The River at the Center of the World: A Journey up the Yangtze, and Back in Chinese Timeby Simon Winchester
Rising in the Mountains of the Tibetan Border, the River That many regard as the symbolic heart of China pierces 3,900 miles of rugged country before debouching into the oily swells of the East China Sea. Connecting China's heartland cities with the volatile coastal giant Shanghai, the Yangtze has also historically connected China to the outside world through its nearly one thousand miles of navigable waters. To travel the vast extent of the river is to travel back in history, to sense the soul of China, and this Simon Winchester does, taking us along with him as he encounters the very essence of China -- its history and politics, its geography, climate, and culture, and above all its people, many of them in remote and almost inaccessible places. This is travel writing at its best: lively, informative, and thoroughly engaging.
“Winchester is a storyteller...romantic enough to make us yearn to be there with him.” The Washington Post
“Winchester is an exceptionally engaging guide...at home everywhere, ready for anything, full of gusto, and seemingly omnivorous curiosity.” The New York Times Book Review
“Another home run.” Los Angeles Times
“At one time or another, many of us, I suspect, have wanted to be Simon Winchester, to lead a life that was equal parts Jan Morris and James Bond.” San Francisco Chronicle
“Winchester is an exquisite writer and a deft anecdoteur.” Christopher Buckley
- Holt, Henry & Company, Inc.
- Publication date:
- Edition description:
- First Edition
- Product dimensions:
- 5.92(w) x 9.06(h) x 1.12(d)
Meet the Author
Simon Winchester is the author of The Professor and the Madman, The Map That Changed the World, and Krakatoa, among many other titles. He lives in Massachusetts, New York City, and the Western Isles of Scotland.
- New York; Massachusetts; Scotland
- Date of Birth:
- September 28, 1944
- Place of Birth:
- London, England
- M.A., St. Catherine¿s College, Oxford, 1966
Most Helpful Customer Reviews
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Winchester is almost thunderstruck by the river's majesty. He loves the wild grandeur of Tibet, and fully appreciates the Yangtze's importance in world history. It's just that he finds China's cities of the 1990s ugly, dull, and distasteful. Partly for diversion he's repeatedly drawn to every available relic of British colonial days, till his Chinese assistant Lilly cries "Oh God, your bloody British Empire again!" About half the book concerns tales of times past. It's half travel adventure, and half history. Clearly Winchester wrote this for a non-Chinese audience, highlighting what seemed relevant or appealing to foreigners, in the years just before the economic boom. --author of A Galaxy of Immortal Women: The Yin Side of Chinese Civilization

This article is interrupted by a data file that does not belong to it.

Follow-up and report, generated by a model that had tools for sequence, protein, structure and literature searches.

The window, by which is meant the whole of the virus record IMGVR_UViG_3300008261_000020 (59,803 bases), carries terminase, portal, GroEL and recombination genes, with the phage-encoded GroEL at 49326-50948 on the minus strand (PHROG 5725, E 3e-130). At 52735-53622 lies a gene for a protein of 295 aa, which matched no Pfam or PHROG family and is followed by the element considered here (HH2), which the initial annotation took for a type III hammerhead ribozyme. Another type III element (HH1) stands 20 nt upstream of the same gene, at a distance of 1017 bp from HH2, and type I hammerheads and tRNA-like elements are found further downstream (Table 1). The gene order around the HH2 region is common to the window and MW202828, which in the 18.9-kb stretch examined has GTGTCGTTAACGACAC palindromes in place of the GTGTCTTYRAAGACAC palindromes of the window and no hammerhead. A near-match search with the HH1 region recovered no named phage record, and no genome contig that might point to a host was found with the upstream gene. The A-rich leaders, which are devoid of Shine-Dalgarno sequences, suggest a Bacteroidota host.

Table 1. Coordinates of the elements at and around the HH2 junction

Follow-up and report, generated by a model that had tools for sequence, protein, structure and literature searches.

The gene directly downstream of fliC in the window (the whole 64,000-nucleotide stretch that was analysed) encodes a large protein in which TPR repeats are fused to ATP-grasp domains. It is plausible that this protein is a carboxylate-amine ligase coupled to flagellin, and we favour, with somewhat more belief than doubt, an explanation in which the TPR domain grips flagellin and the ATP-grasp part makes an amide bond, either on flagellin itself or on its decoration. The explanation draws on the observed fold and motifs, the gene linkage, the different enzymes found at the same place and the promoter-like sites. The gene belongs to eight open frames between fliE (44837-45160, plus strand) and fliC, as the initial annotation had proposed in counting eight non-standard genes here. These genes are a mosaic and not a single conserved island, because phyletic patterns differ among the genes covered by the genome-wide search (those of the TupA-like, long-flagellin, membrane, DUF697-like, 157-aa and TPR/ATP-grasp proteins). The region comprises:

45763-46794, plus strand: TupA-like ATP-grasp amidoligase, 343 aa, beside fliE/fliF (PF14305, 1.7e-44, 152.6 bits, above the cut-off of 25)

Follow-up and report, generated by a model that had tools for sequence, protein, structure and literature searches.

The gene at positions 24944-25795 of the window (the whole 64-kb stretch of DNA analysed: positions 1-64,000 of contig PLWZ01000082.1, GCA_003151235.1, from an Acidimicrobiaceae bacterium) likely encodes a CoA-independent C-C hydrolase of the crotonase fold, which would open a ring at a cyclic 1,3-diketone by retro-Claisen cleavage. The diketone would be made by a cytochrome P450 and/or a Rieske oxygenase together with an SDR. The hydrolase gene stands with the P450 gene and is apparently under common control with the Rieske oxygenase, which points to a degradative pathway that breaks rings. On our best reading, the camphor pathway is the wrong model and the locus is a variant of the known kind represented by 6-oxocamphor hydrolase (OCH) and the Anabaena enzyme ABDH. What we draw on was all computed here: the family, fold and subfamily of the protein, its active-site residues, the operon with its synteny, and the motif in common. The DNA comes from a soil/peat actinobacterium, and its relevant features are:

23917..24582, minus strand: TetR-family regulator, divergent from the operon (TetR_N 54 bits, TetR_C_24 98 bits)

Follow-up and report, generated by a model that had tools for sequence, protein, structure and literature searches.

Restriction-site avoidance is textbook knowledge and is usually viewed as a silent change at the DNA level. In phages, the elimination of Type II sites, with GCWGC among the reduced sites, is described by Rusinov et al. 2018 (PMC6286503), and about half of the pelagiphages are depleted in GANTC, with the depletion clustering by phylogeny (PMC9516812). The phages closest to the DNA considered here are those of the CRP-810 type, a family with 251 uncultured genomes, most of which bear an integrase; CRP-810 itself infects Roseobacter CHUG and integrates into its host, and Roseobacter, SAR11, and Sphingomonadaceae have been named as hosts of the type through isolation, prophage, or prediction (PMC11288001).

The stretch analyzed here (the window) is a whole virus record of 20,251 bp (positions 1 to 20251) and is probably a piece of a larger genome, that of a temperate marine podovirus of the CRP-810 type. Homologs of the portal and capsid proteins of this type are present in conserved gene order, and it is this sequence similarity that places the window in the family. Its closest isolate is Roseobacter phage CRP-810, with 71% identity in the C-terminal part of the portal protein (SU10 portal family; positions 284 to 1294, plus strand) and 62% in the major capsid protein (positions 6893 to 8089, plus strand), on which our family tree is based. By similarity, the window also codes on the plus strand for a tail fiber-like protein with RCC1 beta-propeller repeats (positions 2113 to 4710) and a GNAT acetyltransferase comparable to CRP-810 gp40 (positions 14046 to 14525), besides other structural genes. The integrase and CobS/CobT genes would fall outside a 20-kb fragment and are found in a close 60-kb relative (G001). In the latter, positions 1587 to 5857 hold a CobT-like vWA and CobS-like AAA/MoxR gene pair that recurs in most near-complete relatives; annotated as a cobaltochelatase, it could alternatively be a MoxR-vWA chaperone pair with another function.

I can't say enough about how wonderful this book is. The fabulous information about the geography and hydrology of the river and, indeed China, are amazing. As you travel up the river, it is truly a trip back in time. His adventures with Lily (imagine coming upon someone who can fix a busted radiator in the middle of nowhere), seeing China through their eyes (and Lily's feelings and thoughts on China are ambivalent and complicated) and discovering the people and culture are just some of the high points. You absolutely can't go wrong! I've passed the book around to several other readers who felt the same way. So far, 5 thumbs up!! Also, if you're into China, try Paul Theroux's 'Riding the Iron Rooster.' Another excellent book and writer.
You can read the other reviews if you want to hear about the writer's credentials. What I want to point out to you is how this book illuminates a forgotten and oft-misunderstood aspect of the Chinese people. Their culture is one of the oldest on the Earth. By this fact, we should have lots to learn from them, and we do. Their creativity and resilience astounds even in the face of modern monstrosities and sometimes because of them. What you will find is that the China that Winchester depicts is always in dichotomy. the yin-yang pull of life lives and breathes in every action and inaction. Far too often, the simple and pragmatic Chinese people are written off as mired in nostalgia and tradition. Winchester proves that they choose that path and perhaps might be better for it. This book is truly a remarkable glimpse of an unknown China written from the perspective of one at once in love with and bewildered by its people as Winchester rightfully should be.
She drives up to the house. First she detachs the trailer and puts it in back. Then she grabs the bags and unpacks.